The worship of Navagrahas (9 heavenly bodies) is an ancient Hindu tradition: by propitiating the right planet when it is at a predefined position in the ephemeris, one advances one’s fortunes. Each of the Navagrahas has a temple dedicated to it— all within 60 km radius of Kumbakonam Town in the Chola heartland. This is not surprising, because all of them were built centuries ago, by the the Cholas. Even if you do not believe in the religious tradition, you cannot miss the immense archeological value of these temples.
Recently I made a serendipitous discovery: there are heritage Navagraha temples within 30 km of metropolitan Chennai. These temples of Thondaimandalam (the kingdom of the Thondaiman dynasty, i.e. Chennai and adjoining districts) are truly of high archeological and spiritual value; less famous may be, but almost equally significant. Given below are the Thondaimandalam equivalents of the Cholamandalam temples:
TEMPLE IN CHOLA-MANDALAM
TEMPLE IN THONDAI-MANDALAM
|1||Surya – Sun||Suryanar Koil||Agasteeswarar – Kolapakkam|
|2||Chandra – Moon||Thingaloor||Somanatheeswarar- Somangalam|
|3||Sevvai- Mars||Vaitheeswaran Koil||Vaitheeswaran Koil – Poonamalee|
|4||Budha – Mercury||Tiruvennkaadu||Sundareswarar- Kovur|
|5||Guru – Jupiter||Aalangudi||Tiruvalidaayam – Padi|
|6||Sukra – Venus||Kanchanoor||Srivelleeswarar – Mangadu|
|7||Sani – Saturn||Tirunallaaru||Saneeswarar – Pozhichalur|
|8||Rahu – Virtual planet||Tirunageswaram||Neelakanteswarar – Gerugambaakkam|
|9||Ketu – Virtual planet||Keezhperumpallam||Nageswarar – Kundrathur|
Most of these Thondaimandalam temples are in the Porur- Kundrathur belt, but the Guru temple at Padi is a pleasant surprise. For years now I have been passing within kissing distance of this heritage site, in total ignorance (The Padi industrial suburb is enroute to my office)! To make amends for the lost opportunities, I visited the temple last week. And I rediscovered our hoary past!
Historically, Padi was not an industrial township, but a military cantonment. “Padi” is short for “Padi-Veedu”, meaning Armoury. In fact, the neighbouring Kali temple in Padi — Padavattaman Koil — derives from the original name Padai-Veettu-Amman (meaning the Goddess of the Military Camp). Military rulers (Cholas, Chalukyas, Vijayanagar Nayaks etc) patronized this military town. The earliest reference (7th Century) to Tiruvalidaayam temple is found in Poet Sambandar’s religious verses (Tevaaram). Probably, this temple was made of bricks then; it got converted to the “modern” granite structure by the sponsorship of Raja Raja Chola –III ( 13th century). Successive warlords who controlled Padi ensured that the temple was always maintained in robust condition. We owe so much to their munificence!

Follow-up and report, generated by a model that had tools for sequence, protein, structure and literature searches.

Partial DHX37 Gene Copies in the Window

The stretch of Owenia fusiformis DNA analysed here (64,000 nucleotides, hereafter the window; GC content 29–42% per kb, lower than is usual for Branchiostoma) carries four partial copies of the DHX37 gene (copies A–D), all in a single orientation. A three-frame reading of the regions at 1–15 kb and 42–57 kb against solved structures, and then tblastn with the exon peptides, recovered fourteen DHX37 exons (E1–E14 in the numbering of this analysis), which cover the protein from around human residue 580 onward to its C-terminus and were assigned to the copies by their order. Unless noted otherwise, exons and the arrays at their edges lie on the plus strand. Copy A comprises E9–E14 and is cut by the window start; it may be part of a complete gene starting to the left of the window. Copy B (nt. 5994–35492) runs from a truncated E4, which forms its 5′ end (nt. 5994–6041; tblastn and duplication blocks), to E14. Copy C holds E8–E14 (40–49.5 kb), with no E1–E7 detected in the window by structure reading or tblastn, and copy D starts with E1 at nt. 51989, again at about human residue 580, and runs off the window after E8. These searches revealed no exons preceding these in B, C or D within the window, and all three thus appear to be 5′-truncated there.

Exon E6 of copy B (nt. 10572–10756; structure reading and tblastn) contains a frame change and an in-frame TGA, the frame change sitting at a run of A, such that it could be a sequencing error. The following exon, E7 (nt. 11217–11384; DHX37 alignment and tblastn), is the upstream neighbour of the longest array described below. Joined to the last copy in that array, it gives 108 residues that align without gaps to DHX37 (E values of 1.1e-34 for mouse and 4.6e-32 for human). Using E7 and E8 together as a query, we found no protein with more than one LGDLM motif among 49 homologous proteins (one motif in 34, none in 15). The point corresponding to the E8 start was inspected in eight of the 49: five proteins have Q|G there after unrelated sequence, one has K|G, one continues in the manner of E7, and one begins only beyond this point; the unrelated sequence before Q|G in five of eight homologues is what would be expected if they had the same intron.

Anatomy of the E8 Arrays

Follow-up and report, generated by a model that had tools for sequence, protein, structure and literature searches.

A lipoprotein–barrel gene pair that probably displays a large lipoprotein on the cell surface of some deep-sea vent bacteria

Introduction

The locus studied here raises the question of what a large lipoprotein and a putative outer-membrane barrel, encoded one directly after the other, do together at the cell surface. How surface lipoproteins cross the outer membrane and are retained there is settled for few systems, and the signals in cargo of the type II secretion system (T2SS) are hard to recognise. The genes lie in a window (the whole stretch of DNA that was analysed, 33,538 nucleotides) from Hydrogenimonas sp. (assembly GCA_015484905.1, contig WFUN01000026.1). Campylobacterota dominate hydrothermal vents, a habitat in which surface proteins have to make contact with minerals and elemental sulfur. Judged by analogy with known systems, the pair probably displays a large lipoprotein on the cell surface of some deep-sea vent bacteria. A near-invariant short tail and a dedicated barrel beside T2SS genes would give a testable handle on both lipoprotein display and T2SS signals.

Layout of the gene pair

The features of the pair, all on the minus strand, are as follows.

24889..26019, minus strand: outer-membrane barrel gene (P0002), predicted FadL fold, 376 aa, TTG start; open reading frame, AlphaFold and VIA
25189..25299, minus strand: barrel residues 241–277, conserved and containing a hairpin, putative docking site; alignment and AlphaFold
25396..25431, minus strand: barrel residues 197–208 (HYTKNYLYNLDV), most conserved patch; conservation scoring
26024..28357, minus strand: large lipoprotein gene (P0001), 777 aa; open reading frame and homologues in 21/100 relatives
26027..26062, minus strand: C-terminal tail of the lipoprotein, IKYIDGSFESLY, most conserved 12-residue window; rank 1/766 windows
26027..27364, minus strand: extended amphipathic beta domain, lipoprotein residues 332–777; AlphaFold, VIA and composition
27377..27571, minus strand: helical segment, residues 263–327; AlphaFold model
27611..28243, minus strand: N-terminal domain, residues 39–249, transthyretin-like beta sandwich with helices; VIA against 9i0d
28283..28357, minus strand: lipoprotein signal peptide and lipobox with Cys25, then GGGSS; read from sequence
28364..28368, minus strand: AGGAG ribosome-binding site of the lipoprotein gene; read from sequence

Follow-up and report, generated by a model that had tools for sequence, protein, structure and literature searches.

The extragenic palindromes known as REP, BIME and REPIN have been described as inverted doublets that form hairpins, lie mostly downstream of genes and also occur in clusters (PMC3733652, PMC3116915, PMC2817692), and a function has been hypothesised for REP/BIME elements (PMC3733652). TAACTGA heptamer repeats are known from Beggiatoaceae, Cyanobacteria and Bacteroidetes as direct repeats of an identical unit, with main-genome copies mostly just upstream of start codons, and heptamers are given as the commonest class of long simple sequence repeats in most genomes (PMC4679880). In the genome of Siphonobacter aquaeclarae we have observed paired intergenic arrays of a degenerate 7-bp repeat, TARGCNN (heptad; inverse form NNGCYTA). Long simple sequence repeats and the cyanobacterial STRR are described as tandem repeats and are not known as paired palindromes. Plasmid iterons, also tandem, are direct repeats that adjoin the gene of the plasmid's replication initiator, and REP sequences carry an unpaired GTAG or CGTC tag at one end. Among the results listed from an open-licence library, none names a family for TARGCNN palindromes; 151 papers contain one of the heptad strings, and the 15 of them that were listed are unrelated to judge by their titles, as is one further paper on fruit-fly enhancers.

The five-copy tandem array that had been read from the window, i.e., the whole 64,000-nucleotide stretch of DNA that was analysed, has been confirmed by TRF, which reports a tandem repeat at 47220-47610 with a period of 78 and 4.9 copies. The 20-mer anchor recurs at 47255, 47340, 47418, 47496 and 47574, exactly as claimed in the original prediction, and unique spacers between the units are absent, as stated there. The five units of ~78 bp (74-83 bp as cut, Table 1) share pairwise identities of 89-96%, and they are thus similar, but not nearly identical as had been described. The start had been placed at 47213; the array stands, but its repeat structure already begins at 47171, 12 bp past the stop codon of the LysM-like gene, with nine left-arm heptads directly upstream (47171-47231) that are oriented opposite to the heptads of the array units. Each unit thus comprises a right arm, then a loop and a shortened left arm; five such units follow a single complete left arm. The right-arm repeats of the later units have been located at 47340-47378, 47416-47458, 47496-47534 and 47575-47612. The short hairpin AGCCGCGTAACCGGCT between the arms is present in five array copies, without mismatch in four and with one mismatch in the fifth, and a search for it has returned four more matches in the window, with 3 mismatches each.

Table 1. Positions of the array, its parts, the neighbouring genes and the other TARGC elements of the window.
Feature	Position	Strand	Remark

The Temple is built in the Thoongaanai style; so-called because the architectural profile resembles a sleeping elephant (Tamil: Thoongum + Yaanai). The outer prahaara is neat and clean with a small backyard garden: such a relief from the noise and pollution of Padi. There is a well-kept Goshaala for the temple’s cows, and there is even a cute bird bath for the pigeons that live atop the Gopuram.
…. and the Bird-bath
As soon as we enter the campus the Guru sanctum is on the right. On Thursdays the Guru sanctum is over-crowded but on other days devotees can get a very peaceful dharshan. The main deity is Tiruvaleeswarar (a beautiful Sivalinga) and his consort is Jagadamba or Tiruveedhi Naachiyaar. The inner prahaara is adorned with artistically carved stone idols— the best being the fierce Bhairava.
In old temples, folklore gets enmeshed with history. So it is with Tiruvalidaayam too.
Sage Bharadwaj was cursed by Menaka to become a black bird called Valiyan. He came to Padi and prayed to Siva and got redeemed. Hence the name Tiru-Vali-Daayam for this temple.
The most powerful Navagraha, Guru once yielded to lust and was full of remorse after the event. He reached Tiruvalidaayam and prayed to Siva for forgiveness. Lord Siva granted him absolution and blessed him. Ever since then, it became a holy shrine for devotees to receive the grace of Guru.
There is an interesting off-shoot of the Ramayana too. Rama killed Ravana in fair battle, in Lanka. Yet he was haunted by Ravana’s ghost. Ravana was a Rakshasa but also a Siva-devotee. So elders counseled that if a Siva-Linga could be sourced from Mount Kailas and worshipped at an auspicious time the ghost would be exorcised. Rama dispatched Hanuman to distant Kailas to perform the task. As the auspicious hour approached, Hanuman was still in transit. So Sita took some sand and constructed a “Jugad” Linga, and Rama performed the Puja punctually. Hanuman arrived with the Kailasa Linga shortly after but was distraught to find that “his” Sivalinga was not the presiding deity. Rama assuaged Hanuman, by permitting him to dislodge the Sand Linga and install the Kailasa Linga. But try as he might, the sand would not budge and Hanuman fainted in the effort. Hanuman then realized that it was not his ego that mattered but the faith in the Lord. He was advised by Sage Narada to go to Tiruvalidaayam and obtain Siva’s grace. Thus, in the inner prahaara we find the Hanumar Pujita Linga — the Linga worshipped by Hanuman.
I guess the philosophy behind all the folklore is: no matter how bad you are or the situation is, it can always be improved with a little faith. It merely requires surrender. Me, I am not ready for surrender yet; I only want to soak in the ambience of the temple.
Dharshan = Sighting, or Meeting with God
Gopuram = Temple Spire
Goshaala = Cow shed
Jugad = make-shift
Koil = Temple
Prahaara = Corridor enveloping the Temple
Rakshasa = Demon
You might like to read this interesting article by Temple Historian Dr. Chitra Madhavan: http://www.newindianexpress.com/cities/chennai/Arunagirinathar-wrote-Thirupugazh-verses-here/2016/06/29/article3504383.ece